An Open Letter to Foster Children
edited: Thursday, January 26, 2006
By Lawrence P Adams
Posted: Thursday, January 29, 2004
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A hopeful positive letter to children within the foster care system of America. They are presented with so much negative...it's time they received a little positive.
Dear Fellow Foster Children~
I know you may feel your life is currently in turmoil,
not in a place you really consider your home or
awaiting a final decision on a new place to call home.
You probably at times feel like you are alone in the
world, that no one else has or is going through what
you currently are. You may feel that no one can
possibly understand or know what you are going
through. In most situations your case worker or foster
parents have never been in foster care so you think
"no you don't know what I am going through."
In most situations your feelings about others knowing
what you feel, understanding your feeling etc. are
probably true .
I, however, can tell you straight forward that I do
know what you are going through, I do know many of the
things you are feeling and understand them. I
know...because I have been exactly where you are
today. As many young say today, "Been there...done
I was a foster child from the day of my birth until I
aged out of the system at age eighteen. There is very
little you could share with me that I myself have not
I have felt alone, I have felt depressed, I have felt
that no one understood, I have felt no one really
cared about me and yes...I have even wondered if it
was worth living.
You are not as unique as you think you might be. In
matter of fact there are many thousands who, besides
myself, have been exactly where you are at.
I am here to tell you that you can overcome ALL of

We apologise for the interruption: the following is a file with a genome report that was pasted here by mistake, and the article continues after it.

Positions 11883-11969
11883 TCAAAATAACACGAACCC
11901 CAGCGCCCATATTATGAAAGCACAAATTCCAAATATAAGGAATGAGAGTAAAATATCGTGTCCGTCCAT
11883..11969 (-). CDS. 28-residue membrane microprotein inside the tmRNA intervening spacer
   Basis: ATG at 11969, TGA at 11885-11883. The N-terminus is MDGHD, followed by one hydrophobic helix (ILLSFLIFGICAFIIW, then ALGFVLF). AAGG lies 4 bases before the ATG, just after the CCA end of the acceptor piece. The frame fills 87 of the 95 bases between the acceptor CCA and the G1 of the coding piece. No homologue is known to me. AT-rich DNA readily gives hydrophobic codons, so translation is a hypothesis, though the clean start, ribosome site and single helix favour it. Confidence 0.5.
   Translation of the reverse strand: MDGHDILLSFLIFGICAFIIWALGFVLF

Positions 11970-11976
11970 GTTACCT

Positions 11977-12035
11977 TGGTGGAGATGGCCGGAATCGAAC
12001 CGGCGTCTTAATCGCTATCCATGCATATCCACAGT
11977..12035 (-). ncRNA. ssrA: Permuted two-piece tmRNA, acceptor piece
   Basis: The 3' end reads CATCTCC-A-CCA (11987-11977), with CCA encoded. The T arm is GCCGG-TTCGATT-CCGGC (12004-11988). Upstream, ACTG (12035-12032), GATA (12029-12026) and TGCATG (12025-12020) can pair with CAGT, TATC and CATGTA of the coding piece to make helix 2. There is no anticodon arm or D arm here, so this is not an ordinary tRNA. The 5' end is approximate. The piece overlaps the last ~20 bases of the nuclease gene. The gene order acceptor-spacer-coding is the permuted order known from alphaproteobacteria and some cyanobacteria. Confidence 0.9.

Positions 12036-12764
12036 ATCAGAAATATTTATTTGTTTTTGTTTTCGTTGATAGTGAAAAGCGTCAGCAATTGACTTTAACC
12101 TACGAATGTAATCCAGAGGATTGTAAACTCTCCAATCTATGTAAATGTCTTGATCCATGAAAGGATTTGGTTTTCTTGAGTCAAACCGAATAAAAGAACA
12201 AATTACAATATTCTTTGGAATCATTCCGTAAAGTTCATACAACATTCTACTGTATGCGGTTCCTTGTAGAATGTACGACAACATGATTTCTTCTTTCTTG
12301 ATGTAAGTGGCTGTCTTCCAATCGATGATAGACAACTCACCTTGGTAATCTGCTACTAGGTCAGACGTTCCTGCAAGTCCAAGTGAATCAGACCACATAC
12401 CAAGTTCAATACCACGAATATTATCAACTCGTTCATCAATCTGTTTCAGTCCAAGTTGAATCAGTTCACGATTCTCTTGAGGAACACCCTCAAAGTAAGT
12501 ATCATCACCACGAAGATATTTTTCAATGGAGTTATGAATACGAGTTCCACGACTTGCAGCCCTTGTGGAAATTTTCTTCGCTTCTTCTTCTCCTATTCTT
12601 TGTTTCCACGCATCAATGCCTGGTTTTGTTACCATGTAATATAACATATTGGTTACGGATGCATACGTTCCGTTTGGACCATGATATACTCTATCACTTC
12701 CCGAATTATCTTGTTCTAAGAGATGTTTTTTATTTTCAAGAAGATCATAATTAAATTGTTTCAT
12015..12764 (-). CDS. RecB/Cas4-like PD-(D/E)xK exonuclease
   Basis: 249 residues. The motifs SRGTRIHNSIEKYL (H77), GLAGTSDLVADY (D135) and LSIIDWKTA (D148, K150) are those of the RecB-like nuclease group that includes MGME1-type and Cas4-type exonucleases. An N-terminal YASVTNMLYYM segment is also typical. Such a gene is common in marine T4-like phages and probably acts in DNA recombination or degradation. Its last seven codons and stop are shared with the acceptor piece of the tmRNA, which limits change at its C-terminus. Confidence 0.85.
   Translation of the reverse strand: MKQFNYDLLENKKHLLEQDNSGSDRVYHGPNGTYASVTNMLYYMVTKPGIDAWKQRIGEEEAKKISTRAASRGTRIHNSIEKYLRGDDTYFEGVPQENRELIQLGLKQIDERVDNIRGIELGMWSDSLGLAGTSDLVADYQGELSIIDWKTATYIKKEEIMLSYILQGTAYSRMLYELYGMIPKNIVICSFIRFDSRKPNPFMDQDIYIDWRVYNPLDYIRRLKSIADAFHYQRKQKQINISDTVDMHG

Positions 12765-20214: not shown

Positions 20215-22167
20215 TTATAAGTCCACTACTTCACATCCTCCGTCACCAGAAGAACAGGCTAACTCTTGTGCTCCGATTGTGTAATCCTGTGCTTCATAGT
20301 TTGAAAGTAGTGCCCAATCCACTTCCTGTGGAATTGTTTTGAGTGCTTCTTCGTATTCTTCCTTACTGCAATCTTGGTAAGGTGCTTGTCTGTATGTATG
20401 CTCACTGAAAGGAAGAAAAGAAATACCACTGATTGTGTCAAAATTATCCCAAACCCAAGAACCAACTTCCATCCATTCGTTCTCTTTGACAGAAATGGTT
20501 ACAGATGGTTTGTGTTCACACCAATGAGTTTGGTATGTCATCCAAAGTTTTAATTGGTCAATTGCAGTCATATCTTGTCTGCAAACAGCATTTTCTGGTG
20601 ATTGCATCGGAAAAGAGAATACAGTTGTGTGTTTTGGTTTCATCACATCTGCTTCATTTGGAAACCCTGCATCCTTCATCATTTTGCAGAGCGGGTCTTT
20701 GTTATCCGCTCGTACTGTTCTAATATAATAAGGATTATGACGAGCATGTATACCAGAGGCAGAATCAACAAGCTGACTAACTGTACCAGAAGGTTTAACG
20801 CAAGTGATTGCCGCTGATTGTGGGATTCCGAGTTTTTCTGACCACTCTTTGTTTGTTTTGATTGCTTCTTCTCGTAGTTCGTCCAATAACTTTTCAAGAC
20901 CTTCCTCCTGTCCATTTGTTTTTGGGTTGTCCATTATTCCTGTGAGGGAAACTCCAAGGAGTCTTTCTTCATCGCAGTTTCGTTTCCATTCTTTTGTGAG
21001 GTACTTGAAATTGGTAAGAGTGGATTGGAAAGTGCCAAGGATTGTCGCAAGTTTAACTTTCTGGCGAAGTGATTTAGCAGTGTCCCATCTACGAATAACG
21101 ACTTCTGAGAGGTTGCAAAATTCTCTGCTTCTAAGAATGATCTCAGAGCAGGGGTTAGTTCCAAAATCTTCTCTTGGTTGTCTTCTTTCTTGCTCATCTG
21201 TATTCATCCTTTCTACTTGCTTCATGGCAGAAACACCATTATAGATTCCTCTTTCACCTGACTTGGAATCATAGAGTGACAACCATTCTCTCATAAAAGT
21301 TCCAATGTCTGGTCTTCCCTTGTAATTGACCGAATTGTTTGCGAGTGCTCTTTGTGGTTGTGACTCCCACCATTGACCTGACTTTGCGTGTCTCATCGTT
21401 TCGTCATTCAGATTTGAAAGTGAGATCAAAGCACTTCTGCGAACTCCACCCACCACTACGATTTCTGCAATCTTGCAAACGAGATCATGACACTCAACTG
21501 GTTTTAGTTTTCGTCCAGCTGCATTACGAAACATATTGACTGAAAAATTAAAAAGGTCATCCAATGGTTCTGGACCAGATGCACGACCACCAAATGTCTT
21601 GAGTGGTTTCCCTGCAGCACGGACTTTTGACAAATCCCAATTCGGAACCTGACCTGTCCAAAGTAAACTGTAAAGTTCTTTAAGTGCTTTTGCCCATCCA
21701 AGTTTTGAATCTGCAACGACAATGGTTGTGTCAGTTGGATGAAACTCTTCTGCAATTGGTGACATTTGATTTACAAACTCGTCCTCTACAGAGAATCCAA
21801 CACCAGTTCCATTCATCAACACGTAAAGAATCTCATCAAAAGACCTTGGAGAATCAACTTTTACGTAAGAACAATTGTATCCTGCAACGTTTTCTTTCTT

this. If I can...I know you can!
I do not know why you are in foster care. It might be
the same as me...from birth, it might be because of
troubles within your home that requires you to be out
of your home for a short or long term basis, it may
even be because of something that you did wrong for
others to feel you needed a temporary outside the home
situation or finally it might be that you are awaiting
a new family to become your Mom and Dad.
It does not matter why you are in foster care. What is
important is how you come out of foster care.
I know many aspects of the foster care system makes
you feel that you might be of no value, that you can
not be a success and many other negative attributes.
This is absolutely not true !
I felt many times while in foster care and being moved
from one home to another the same feelings many of you
are having. But I have been able to overcome them and
so can you!
YOU are of value! You can hold your head up proudly!
You can be whatever you choose to be!
Yes, even those of you who may have done something
wrong to get placed within the foster system...you can
overcome this mistake, it can become something of the
past. All of us have made a mistake is our lives, even
more than one, but we learned from our mistakes and